Dormant to dynamics; ETSU’s spring planting tips

Published 11:21 am Wednesday, May 22, 2024

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There’s a reason “spring fever” made it into dictionaries generations ago. 

For many, the seasonal shift of warmer weather brings a renewed sense of energy and enthusiasm. 

And for gardeners, there’s even more excitement: a time to plant those sunflowers, zinnias and more.  

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In that spirit, East Tennessee State University’s Travis Watson, the campus arborist and manager of Landscape and Grounds, offers some important tips for planters in the Appalachian Highlands. 


Hold off cleaning out the dead from beds. A range of native insects and pollinators overwinter in leaves, hollow stems, debris and more. “It can be hard to resist the urge to clean out those beds on the first warm sunny day of spring, but it is best practice to wait until temperatures are steady and the possibility of frost and freeze are past,” Watson said.  

Go native. Selecting flowers and shrubs that have evolved to live in our area is critical. “Plants that are native to our region have developed highly specialized relationships with our native insects and animals,” he said. 

Be diverse. That means including as many plants as possible. Watson: “You want to provide interest in the garden year-round and also provide floral and other resources that support insects and wildlife.”  

Grab some mulch. Apply roughly 2-3 inches of organic mulch to trees, shrubs and flower beds. “This will help to stabilize soil temperatures, retain water during dry periods and suppress weeds, while improving soil quality to support microorganisms and improve nutrient availability and uptake,” he added.  

Analyze the space. Selecting the right plant for the right space is an important consideration. “Consider how large it will get,” he said, “and what form it wants to have, how much sunlight it needs or can tolerate, its water needs and associated pests and problems.”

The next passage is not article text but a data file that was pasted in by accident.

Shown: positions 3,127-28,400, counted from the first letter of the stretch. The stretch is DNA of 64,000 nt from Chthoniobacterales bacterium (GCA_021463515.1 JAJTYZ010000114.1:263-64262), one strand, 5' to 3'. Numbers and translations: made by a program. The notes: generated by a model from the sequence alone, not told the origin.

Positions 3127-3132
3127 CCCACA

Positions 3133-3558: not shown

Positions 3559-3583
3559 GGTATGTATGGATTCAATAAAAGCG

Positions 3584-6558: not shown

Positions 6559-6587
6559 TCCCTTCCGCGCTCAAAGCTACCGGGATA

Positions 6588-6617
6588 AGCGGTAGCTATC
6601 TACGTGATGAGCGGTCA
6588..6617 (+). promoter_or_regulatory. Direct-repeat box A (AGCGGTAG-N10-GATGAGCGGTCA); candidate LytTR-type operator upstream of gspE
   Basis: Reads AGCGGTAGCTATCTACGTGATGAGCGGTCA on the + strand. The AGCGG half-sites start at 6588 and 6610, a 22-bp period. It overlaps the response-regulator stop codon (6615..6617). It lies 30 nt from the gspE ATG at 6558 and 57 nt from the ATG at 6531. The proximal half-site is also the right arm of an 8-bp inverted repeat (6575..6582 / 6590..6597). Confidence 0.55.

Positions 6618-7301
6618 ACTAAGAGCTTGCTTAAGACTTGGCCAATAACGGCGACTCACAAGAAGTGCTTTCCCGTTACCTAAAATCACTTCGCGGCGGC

Plant anything invasive. Bringing such plants into the region can have serious effects. “Exotic plants have a greater potential for invasiveness and can displace native plants and reduce resource availability for native insects and animals,” Watson said. 

Overwater. Many trees and shrubs perform best with infrequent, deep watering. “This encourages roots to seek resources deeper in the soil and improves drought tolerance. Supplement watering for the first year when we have had less than one inch of rainfall,” he said. “Also, be cautious about assuming our heavy afternoon summer rains are sufficient to wet the soil. Much of this runs off and evaporates in the heat. Once a week, water deep.” 

Plant large crape myrtles in small spaces. The crape myrtle is becoming more popular, but many are topped regularly to keep them confined. “This practice is unsustainable and creates an unnatural appearance,” he said. “There are many cultivars of crape myrtle that remain small.” 

Amend planting soil. Unless your soil is poor, it is usually best to dig a wide hole – about three times the root ball’s diameter – and backfill with native soil only. He added: “Adding compost and other materials to the planting hole creates an interface between the native soil and planting hole that hinders water infiltration and encourages disease.” 

Overthink. Most native plants are resilient and well adapted to the area. “Provide them space, sunlight and water and enjoy the beauty and benefits that they offer,” Watson added.